Dr Anissa Daoudi has been awarded a Leverhulme Trust Research Fellowship, for the project ‘Sexual violence against women in Algeria: narratives, translations, languages’.
It is widely acknowledged in scholarship that the act of translating a direct, lived experience into a narrative can have a profound impact on the style, content and reception of narratives. This process also provides translation with considerable influence, as it permits the telling of stories – both real and imagined – that have been excluded from dominant or officially sanctioned discourses.
The aim of this one-year fellowship (awarded £26,875) is to study the representation and translation of accounts of sexual violence against women during the Algerian civil war, 1991-2002. Using fieldwork and written sources, Dr Daoudi will compare this to colonial violence against women in the Algerian Liberation War that took place between 1954 and 1962.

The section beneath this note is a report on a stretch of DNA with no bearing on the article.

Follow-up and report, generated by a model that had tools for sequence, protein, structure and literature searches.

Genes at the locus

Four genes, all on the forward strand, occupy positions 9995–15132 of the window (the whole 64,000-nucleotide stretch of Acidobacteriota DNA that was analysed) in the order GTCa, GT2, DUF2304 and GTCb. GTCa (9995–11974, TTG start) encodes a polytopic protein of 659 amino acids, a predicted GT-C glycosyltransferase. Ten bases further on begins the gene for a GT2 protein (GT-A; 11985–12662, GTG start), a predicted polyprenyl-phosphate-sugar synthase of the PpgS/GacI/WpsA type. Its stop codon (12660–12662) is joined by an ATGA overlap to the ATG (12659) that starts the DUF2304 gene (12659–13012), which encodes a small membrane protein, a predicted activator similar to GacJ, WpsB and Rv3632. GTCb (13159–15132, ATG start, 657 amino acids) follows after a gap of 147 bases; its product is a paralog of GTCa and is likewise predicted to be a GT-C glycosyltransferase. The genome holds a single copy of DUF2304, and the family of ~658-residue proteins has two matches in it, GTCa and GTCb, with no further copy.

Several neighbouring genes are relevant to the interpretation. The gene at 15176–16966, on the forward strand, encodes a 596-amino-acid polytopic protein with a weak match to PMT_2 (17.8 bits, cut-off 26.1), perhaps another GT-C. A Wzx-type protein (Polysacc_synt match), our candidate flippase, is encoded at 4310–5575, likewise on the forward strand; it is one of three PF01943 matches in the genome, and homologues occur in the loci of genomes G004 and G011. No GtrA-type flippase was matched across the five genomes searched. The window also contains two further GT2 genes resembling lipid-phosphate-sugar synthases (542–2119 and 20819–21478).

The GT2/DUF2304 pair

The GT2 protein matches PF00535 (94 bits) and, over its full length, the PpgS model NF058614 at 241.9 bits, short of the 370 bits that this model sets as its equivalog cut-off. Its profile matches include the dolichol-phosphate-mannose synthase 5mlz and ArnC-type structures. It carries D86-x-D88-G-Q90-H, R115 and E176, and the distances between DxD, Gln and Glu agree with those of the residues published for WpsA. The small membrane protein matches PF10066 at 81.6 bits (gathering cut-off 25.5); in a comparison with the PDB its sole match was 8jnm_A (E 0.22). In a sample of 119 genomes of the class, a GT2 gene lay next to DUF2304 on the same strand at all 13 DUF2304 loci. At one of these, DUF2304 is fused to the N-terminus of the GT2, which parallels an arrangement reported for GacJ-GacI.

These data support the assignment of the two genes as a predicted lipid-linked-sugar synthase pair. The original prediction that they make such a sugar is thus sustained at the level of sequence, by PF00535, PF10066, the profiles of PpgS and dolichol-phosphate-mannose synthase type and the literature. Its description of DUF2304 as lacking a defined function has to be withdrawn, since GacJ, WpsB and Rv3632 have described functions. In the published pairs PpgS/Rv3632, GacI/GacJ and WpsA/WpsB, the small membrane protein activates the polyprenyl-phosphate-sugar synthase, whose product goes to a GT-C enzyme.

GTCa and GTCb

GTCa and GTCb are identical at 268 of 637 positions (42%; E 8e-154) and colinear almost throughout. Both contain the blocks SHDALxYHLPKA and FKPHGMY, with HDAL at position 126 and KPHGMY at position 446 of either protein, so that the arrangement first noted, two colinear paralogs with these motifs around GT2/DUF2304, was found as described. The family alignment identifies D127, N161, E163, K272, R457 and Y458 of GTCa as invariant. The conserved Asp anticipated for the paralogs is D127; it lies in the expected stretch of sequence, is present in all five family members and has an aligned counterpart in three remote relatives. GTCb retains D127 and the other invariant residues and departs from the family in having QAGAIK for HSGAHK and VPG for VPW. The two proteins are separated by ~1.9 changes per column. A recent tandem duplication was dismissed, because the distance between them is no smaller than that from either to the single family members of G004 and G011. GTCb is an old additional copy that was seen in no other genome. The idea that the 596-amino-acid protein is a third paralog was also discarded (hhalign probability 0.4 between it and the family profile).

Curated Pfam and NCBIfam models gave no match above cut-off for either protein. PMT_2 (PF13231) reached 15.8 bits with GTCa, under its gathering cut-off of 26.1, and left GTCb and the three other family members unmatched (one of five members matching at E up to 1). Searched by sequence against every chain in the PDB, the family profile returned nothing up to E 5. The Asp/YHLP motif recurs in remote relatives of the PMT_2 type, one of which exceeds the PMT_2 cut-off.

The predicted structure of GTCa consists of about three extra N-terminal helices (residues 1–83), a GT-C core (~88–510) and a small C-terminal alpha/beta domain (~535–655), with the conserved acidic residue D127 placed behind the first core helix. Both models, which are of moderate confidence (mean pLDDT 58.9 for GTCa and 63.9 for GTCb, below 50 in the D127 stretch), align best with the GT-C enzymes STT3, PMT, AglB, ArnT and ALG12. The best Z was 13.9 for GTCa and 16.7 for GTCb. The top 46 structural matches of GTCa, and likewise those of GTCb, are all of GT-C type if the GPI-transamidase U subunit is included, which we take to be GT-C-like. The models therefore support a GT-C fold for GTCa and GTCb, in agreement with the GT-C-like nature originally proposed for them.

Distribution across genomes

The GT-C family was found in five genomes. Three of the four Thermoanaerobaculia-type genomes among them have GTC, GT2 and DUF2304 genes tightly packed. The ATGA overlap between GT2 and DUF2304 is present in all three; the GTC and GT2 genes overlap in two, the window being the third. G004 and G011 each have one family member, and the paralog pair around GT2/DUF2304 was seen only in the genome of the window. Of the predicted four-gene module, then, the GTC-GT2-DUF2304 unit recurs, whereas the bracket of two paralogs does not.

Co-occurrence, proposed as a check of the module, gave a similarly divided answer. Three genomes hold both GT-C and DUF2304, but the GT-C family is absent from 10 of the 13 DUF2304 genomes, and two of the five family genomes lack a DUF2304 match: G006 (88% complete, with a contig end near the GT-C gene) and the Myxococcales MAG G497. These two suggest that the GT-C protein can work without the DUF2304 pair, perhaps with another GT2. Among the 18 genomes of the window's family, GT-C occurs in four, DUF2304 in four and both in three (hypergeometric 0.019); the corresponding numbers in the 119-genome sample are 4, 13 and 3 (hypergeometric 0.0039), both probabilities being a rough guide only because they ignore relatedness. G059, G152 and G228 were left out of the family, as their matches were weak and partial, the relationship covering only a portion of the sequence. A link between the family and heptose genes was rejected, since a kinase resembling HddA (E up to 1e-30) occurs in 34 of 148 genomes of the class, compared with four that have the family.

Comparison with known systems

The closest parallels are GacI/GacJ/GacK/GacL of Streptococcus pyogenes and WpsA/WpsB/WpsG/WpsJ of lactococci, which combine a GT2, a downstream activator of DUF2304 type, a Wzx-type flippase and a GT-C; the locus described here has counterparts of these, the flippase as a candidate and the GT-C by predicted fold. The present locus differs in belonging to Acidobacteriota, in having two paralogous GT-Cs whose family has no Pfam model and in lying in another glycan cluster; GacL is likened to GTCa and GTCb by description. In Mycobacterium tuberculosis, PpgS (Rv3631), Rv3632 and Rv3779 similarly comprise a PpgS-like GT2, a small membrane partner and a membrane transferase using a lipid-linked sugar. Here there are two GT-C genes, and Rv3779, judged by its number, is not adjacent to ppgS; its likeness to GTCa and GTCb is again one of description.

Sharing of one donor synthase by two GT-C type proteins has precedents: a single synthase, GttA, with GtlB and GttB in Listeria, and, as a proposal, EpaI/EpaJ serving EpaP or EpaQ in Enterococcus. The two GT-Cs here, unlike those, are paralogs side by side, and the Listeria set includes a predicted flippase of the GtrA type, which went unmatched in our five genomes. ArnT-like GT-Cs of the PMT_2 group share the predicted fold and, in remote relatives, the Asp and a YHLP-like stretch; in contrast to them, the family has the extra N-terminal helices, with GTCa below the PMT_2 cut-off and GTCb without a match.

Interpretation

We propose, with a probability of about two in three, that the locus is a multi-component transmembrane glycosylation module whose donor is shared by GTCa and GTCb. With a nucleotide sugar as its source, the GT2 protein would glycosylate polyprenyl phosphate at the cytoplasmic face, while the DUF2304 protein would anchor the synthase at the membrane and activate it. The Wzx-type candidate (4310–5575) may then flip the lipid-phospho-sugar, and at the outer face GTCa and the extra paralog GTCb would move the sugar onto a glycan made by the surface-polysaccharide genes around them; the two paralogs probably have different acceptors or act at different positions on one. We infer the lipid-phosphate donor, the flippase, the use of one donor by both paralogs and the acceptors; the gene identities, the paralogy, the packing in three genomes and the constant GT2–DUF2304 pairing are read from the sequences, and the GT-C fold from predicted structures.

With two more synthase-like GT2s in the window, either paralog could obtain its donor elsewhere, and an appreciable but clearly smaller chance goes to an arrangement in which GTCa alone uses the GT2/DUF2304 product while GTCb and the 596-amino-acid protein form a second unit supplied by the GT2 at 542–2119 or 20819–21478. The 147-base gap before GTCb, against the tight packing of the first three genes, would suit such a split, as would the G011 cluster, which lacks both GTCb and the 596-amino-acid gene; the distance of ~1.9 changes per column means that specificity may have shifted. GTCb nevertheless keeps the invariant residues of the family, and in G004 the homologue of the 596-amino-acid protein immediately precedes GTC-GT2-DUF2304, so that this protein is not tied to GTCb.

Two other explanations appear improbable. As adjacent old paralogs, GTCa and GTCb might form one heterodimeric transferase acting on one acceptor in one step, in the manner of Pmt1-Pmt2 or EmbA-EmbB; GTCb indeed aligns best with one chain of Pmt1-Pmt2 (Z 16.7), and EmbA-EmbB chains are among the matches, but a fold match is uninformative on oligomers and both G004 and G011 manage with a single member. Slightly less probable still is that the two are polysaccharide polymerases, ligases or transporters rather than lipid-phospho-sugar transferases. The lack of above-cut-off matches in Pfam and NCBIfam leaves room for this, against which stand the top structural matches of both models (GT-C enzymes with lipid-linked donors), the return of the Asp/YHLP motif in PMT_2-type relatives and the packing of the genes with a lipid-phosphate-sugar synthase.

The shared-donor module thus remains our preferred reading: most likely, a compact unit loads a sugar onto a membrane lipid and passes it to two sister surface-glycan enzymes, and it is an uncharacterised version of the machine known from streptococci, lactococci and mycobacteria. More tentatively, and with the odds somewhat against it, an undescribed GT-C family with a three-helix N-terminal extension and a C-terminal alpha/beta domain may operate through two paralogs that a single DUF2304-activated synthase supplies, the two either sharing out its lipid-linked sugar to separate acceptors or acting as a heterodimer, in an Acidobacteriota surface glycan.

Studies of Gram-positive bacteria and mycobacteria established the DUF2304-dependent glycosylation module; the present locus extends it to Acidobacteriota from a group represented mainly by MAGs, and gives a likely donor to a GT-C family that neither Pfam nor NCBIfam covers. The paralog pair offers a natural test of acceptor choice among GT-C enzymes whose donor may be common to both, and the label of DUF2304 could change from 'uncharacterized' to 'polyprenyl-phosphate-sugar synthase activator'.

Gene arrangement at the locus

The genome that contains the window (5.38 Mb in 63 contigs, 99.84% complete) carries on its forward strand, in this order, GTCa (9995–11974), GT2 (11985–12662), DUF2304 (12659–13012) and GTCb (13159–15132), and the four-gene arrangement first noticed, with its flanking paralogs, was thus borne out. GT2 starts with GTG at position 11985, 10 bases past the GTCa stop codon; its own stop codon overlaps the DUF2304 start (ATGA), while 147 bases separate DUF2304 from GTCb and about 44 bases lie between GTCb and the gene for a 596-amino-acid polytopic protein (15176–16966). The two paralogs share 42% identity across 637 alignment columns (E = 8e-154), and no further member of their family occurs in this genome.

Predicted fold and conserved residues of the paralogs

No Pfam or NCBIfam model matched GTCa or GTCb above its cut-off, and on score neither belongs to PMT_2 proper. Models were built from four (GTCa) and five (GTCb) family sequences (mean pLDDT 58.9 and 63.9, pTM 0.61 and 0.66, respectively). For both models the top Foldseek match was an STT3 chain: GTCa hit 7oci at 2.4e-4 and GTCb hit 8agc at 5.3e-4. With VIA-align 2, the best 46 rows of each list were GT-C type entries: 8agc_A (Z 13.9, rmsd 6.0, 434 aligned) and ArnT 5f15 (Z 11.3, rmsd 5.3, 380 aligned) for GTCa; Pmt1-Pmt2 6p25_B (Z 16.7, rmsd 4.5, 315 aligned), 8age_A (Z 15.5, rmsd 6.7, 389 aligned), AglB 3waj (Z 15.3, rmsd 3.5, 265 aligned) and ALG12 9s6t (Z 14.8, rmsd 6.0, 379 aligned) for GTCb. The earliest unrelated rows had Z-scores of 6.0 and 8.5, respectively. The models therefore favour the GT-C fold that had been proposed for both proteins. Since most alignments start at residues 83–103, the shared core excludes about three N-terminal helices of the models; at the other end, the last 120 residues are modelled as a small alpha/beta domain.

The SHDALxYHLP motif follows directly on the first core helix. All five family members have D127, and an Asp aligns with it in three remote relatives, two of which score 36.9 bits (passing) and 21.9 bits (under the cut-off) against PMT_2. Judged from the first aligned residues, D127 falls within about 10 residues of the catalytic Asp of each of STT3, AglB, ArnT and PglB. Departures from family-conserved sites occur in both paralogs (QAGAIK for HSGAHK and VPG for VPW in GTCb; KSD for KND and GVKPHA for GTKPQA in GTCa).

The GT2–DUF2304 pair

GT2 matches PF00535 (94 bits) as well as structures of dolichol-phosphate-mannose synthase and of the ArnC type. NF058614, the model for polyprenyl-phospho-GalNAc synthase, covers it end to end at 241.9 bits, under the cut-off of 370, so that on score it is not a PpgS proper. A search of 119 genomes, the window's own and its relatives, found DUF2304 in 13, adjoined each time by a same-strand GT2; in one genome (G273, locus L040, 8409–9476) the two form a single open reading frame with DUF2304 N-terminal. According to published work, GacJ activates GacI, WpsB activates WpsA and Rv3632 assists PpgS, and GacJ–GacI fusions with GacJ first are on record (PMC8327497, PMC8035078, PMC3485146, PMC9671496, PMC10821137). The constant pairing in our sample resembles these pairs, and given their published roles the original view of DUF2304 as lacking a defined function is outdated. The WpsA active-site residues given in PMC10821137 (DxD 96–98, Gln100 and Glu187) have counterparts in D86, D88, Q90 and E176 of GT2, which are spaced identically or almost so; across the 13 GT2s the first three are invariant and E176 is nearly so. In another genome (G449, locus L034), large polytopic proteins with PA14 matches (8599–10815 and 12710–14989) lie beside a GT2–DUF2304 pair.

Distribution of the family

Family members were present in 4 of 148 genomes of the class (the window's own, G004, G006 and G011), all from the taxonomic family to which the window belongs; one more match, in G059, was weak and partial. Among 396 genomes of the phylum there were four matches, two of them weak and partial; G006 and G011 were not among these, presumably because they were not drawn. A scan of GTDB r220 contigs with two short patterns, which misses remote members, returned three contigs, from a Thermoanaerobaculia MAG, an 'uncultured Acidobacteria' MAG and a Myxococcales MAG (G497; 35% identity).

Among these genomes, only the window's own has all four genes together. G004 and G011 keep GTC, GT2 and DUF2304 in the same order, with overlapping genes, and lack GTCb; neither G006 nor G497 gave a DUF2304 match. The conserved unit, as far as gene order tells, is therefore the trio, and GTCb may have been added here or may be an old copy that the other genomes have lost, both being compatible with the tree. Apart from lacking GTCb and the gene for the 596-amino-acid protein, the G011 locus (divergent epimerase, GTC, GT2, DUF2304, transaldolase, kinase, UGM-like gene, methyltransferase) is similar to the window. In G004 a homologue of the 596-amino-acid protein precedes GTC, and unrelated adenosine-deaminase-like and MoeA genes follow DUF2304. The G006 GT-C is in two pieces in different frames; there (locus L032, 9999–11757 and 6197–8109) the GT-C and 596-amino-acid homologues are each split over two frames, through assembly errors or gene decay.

This research will investigate how translation – between media and between languages – can promote individual testimonies and reshape social memory. This will illuminate neglected aspects of Algerian history and explain the general principles of the relationship between translation, gender and power. The fellowship will start in May 2017.